Although the majority Supreme Court decision in Whitney v. California, 274 U.S. 357 (1927), upholding the conviction of an individual from the Communist Labor Party has been overturned, Justice Louis D. Brandeis’s concurring opinion in defense of free speech has become a milestone in First Amendment jurisprudence.
Charlotte Anita Whitney was an educated young woman from a wealthy and influential family in Oakland, California, who had joined prohibitionist and suffragette organizations and the Socialist Party. In 1919 she attended the national convention of the Socialist Party in Chicago, where she was part of a radical group that split from the mainline party and formed the Communist Labor Party (CLP) of America. Subsequently, she became an officer in the CLP of California, which was devoted to the enhancement of the political power and economic strength of the working class.
Whitney was arrested and convicted of violating the California Criminal Syndicalism Act of 1919 for her role in helping to establish the CLP. California alleged that the CLP advocated the violent overthrow of the United States government. The mere act of assisting in the formation of the CLP, becoming a member, or assembling with others to teach syndicalism constituted an illegal act, a felony, under the law. Whitney appealed to the Supreme Court, contending that it was neither her intent nor the intent of the other organizers that the party should become an advocate of any sort of violence. She claimed that the Syndicalism Act violated the equal protection and due process clauses of the Fourteenth Amendment.
Justice Edward T. Sanford ruled for a unanimous court that Whitney was a willing participant in the CLP and that, as an officer and delegate, she willfully participated in the party activities and combined with others to accomplish the desired ends of the party, which were to effect change through criminal and unlawful means other than the ballot. Sanford went beyond Oliver Wendell Holmes Jr.’s “clear and present danger” test in Schenck v. United States (1919) to state that the goals of the CLP abused free speech by uttering words that were “inimical to the public welfare, tending to incite crime, disturb the peace or endanger the foundations of organized government and threaten its overthrow,” relying on what was essentially the “bad tendency test” first developed in Pierce v. United States (1920) and Gitlow v. New York (1925). The Court further ruled that the law did not violate the Fourteenth Amendment’s due process and equal protection clauses, and that it was a valid exercise of the state police powers.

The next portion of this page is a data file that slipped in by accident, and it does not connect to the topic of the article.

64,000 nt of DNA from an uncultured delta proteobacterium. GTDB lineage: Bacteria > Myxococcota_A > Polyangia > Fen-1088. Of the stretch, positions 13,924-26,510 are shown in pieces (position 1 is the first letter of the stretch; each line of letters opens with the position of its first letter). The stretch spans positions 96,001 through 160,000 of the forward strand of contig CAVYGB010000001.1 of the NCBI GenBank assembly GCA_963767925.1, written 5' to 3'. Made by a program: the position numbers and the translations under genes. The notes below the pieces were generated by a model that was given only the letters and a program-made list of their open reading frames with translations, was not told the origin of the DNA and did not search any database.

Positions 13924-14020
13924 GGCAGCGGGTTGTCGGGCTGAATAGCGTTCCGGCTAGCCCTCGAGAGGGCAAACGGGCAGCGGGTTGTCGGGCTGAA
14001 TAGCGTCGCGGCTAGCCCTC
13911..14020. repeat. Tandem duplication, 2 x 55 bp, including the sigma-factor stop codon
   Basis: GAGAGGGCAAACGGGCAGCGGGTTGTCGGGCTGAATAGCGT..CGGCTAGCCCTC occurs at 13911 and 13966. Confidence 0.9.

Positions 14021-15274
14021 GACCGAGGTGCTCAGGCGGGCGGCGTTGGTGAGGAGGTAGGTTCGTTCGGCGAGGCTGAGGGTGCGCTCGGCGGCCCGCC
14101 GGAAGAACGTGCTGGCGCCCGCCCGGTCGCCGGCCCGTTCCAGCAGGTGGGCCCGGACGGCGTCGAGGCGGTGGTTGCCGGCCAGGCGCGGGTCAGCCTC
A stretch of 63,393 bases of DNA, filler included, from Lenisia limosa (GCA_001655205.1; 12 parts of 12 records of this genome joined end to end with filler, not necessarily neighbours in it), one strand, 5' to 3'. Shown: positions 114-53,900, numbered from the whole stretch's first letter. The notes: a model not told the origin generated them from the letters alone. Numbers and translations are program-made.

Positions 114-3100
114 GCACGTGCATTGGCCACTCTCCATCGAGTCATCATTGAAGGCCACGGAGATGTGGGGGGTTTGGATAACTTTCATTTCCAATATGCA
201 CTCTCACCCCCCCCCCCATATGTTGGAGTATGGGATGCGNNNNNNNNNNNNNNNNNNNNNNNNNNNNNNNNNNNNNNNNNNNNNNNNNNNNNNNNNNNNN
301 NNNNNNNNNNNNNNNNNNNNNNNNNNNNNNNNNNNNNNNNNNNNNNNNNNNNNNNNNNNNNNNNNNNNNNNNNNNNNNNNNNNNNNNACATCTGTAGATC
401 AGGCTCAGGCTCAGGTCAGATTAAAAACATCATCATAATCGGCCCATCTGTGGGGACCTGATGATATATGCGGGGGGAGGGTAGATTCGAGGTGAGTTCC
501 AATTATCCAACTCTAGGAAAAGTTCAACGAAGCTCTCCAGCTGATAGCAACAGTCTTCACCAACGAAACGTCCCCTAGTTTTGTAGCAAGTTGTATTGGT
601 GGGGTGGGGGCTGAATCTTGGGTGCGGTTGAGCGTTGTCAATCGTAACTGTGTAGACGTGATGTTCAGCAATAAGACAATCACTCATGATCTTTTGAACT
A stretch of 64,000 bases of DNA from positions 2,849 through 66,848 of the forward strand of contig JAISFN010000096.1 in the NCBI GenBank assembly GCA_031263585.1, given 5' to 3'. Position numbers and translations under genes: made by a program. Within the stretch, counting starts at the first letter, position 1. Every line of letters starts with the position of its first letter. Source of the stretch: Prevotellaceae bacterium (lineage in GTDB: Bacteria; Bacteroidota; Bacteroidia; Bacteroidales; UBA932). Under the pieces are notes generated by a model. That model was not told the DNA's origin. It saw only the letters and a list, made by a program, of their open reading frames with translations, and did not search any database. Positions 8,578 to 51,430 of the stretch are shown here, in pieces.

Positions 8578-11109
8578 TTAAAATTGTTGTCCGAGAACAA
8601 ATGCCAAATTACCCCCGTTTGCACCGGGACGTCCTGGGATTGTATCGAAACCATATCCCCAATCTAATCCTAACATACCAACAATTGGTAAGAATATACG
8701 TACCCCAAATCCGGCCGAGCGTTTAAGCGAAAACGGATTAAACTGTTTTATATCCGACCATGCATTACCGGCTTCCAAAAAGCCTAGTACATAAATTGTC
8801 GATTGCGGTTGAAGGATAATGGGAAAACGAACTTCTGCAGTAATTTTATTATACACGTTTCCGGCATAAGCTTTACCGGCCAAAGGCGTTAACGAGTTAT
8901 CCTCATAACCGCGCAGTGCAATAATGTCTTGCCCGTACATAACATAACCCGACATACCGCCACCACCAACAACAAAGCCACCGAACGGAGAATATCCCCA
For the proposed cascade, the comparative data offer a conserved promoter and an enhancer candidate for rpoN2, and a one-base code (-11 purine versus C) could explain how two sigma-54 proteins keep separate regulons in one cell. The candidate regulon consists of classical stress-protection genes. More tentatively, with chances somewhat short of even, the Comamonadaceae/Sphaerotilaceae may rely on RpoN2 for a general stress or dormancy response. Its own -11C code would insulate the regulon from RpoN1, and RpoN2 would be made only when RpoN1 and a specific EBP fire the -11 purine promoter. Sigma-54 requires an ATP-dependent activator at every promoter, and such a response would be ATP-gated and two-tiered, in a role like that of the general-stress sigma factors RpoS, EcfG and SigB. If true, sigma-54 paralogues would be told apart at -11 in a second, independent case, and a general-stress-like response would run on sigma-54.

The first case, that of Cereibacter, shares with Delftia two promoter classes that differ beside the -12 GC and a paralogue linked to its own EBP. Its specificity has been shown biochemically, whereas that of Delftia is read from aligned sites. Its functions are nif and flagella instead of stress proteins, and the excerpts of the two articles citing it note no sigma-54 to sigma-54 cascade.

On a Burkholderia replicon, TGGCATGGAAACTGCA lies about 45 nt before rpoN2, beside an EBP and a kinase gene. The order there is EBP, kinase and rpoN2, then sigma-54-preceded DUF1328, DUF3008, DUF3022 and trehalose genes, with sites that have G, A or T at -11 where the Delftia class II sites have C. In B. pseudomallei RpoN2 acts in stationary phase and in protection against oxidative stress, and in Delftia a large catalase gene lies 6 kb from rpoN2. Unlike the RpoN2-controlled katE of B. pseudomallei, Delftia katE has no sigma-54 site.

In his opinion concurring with the majority — but originally written as a dissent in Ruthenberg v. Michigan (1927) — Justice Louis D. Brandeis gave a forceful defense of free speech, claiming that the law, in effect, created guilt by the association with others and by remote connection to a doctrine that may, in some future time, threaten the public order. He stated that the founders desired that the people be free in their ability to comment on government policies, and that the free exchange of ideas is the only way to prevent the “dissemination of noxious doctrine” and to create a resolution of supposed grievances by proposed remedies. Free speech, Brandeis argued, is essential to democracy because citizens are obliged to participate in government and they can do so without fear only if their right to criticize government is protected. He stated that any abridgement of free speech would eventually strangle democracy.
Brandeis also moved beyond Holmes’ conception of the “clear and present danger” test to insist that no danger exists until the issue is fully discussed. This opinion is an example of Brandeis at his most eloquent. It is a virtual declaration of absolute free speech. It also raises the issue of why Brandeis did not dissent since his concurring opinion is at odds with that of the majority, unless his intent is to protect the principle of free speech and assembly in a way that does not help Whitney. As Brandeis noted, there was evidence that a conspiracy did exist to commit present crimes and that Whitney’s membership in the CLP aided that conspiracy.
The decision in this case upheld Whitney’s conviction. The Court fluctuated between the “clear and present danger” test and the “bad tendency test” over the years until Brandenburg v. Ohio (1969), when it struck down an Ohio sedition law and thus overturned the Whitney decision. Brandenburg also appeared to mark the final triumph of the Brandeis doctrine of virtually unconditional free speech.Send Feedback on this article